MANSFIELD, Ohio – Scores of solidarity signs were planted along the approach to Hamilton Park, only blocks from the “scab” Armco Kawasaki (AK) steel mill complex here May 4. USWA Local 169 put out the call and hundreds of union members, their families and supporters came to the small industrial city.

Union families converged on Mansfield from as far away as Michigan, West Virginia, Indiana and Pennsylvania, bringing their solidarity and support.

The Ohio AFL-CIO is busy in Columbus building support for the 620 steelworker families who have been locked out in Mansfield since September 1, 1999. State Federation President Bill Burga told the rally that the AFL-CIO is lobbying to overturn efforts by the state’s Republican government to “balance the budget using the money for the unemployment extension from the Federal government.” Burga also announced that the state AFL-CIO is establishing a legal defense fund to assist local unions financially when corporations like AK open up a full-scale war.

Linda Chavez-Thompson, secretary-treasurer of the National AFL-CIO, brought full confidence in victory and the support of the federation’s 13 million members. Richard Woodrop, CEO of AK, said Thompson, “could not even manage a lemonade stand.” She mentioned a Forbes Magazine study of 278 CEO’s in which Woodrop was rated fifth from the bottom.

Workers cheered Chavez-Thompson as she demanded AK go to the bargaining table and negotiate decent overtime policy, respect for seniority and jobs for life-long steelworkers.

Reps. Ted Strickland (D-Ohio) and Sherrod Brown (D-Ohio), addressed workers, along with seven members of the Ohio state legislature and Democratic candidates for Governor and Lieutenant Governor, Tim Hagan and Charleta Tavares.

Politics is key, said Pennsylvania USWA Director John DeFazio, calling for workers to become deeply involved in the process, from top to bottom.

USWA International Vice President Andrew Palm spoke on behalf of all steelworkers in the U.S. and Canada, zeroing in AK’s defeats and isolation. Currently, Palm said, AK is facing $100 million in EPA fines, the Richland County Tax Relief Board has taken steps to cancel the corporation’s local tax abatements and company shareholders are suing AK.

United Mine Workers of America President Cecil Roberts fired up workers declaring Local 169’s fight for a contract and defeat of scabbing a “people’s fight.” Roberts said, “We demand a living wage, labor law reform to end scabbing and health care for all.”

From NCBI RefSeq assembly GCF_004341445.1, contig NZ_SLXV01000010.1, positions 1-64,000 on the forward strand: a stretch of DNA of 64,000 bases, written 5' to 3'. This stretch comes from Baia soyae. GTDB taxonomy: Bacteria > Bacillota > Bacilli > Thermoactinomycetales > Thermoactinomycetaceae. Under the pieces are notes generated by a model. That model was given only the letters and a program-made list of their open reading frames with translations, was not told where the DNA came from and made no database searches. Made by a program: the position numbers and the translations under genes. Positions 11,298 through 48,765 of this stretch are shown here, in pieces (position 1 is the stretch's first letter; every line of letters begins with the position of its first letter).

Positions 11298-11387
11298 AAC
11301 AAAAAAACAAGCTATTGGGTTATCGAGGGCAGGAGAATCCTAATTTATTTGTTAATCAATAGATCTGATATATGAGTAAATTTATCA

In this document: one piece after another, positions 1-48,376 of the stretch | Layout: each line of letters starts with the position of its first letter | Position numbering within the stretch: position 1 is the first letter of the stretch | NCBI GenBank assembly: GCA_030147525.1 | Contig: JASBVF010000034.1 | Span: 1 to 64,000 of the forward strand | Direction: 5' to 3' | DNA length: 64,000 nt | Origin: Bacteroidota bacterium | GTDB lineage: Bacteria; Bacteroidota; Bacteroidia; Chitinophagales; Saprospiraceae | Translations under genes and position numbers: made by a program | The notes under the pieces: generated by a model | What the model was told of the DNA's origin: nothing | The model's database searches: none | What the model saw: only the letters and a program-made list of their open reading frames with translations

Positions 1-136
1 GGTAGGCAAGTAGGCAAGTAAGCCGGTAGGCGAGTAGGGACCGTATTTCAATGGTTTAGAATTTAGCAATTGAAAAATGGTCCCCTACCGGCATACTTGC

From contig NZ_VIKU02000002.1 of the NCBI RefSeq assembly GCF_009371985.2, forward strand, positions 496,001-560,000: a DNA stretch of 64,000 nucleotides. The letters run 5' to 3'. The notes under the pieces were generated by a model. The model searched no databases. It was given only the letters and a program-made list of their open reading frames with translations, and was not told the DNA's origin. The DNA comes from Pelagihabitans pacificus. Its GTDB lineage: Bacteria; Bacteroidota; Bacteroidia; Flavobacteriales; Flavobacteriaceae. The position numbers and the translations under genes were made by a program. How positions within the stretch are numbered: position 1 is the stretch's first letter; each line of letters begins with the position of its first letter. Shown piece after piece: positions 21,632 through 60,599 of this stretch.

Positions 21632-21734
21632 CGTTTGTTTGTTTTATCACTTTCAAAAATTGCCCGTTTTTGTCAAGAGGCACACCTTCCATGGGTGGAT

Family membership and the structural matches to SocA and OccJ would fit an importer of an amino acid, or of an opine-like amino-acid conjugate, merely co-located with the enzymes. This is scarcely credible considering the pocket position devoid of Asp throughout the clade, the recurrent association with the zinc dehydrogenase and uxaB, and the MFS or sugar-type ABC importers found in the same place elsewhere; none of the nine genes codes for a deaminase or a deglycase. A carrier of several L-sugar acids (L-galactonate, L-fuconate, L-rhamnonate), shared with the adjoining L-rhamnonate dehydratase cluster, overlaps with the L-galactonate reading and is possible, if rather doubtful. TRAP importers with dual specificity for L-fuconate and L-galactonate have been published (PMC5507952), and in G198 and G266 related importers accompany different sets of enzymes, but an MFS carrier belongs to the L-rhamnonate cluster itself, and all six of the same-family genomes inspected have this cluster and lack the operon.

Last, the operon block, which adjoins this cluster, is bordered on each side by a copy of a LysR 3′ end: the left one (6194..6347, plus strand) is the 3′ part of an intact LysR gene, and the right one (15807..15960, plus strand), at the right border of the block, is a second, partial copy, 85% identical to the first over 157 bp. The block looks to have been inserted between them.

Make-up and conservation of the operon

Ohio USWA Director Dave McCall said it is a human struggle to survive. Before reading a letter of solidarity from union International President Leo Gerard, McCall congratulated members of Local 169 whose efforts raised the money for member Mark Vickers who suffers with brain tumors.

Members of Local 169 lost most of the health care when AK locked them out. McCall announced that the local established a scholarship fund for steelworker children in the name of lock-out activist and heroine Marleen Crank, whose life was taken by cancer during the lockout.

“The biggest impact has been the loss of health insurence,” Carolyn Muth said as she worked at one of the tables around the rally. “Kids can’t play sports, families still have to deal with growing children and shots and diseases.”

She said they have recieved much support from Women of Steel in Ohio, Pennsylvania and Indiana, and that women from Ravenswood helped them to get organized. “It has been almost unbelievabe the way people from other states took the time to pitch in and help us,” Muth said. “We will be there for them.”

Truckloads of food rolled into Mansfield on May 4 as well as checks. From the stage, Local 169 Vice President Randy Reeder announced over $25,000 in gate collections from around the region and from many, many local unions. Inspired by the ourpouring from workers, politicians pledged money, including a Mansfield city council member, and individuals from the town donated cash and checks.

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Conn Hallinan
Conn Hallinan

Conn Hallinan is a columnist for Foreign Policy In Focus. A retired journalism professor, he previously was an editor of People's World when it was a West Coast publication.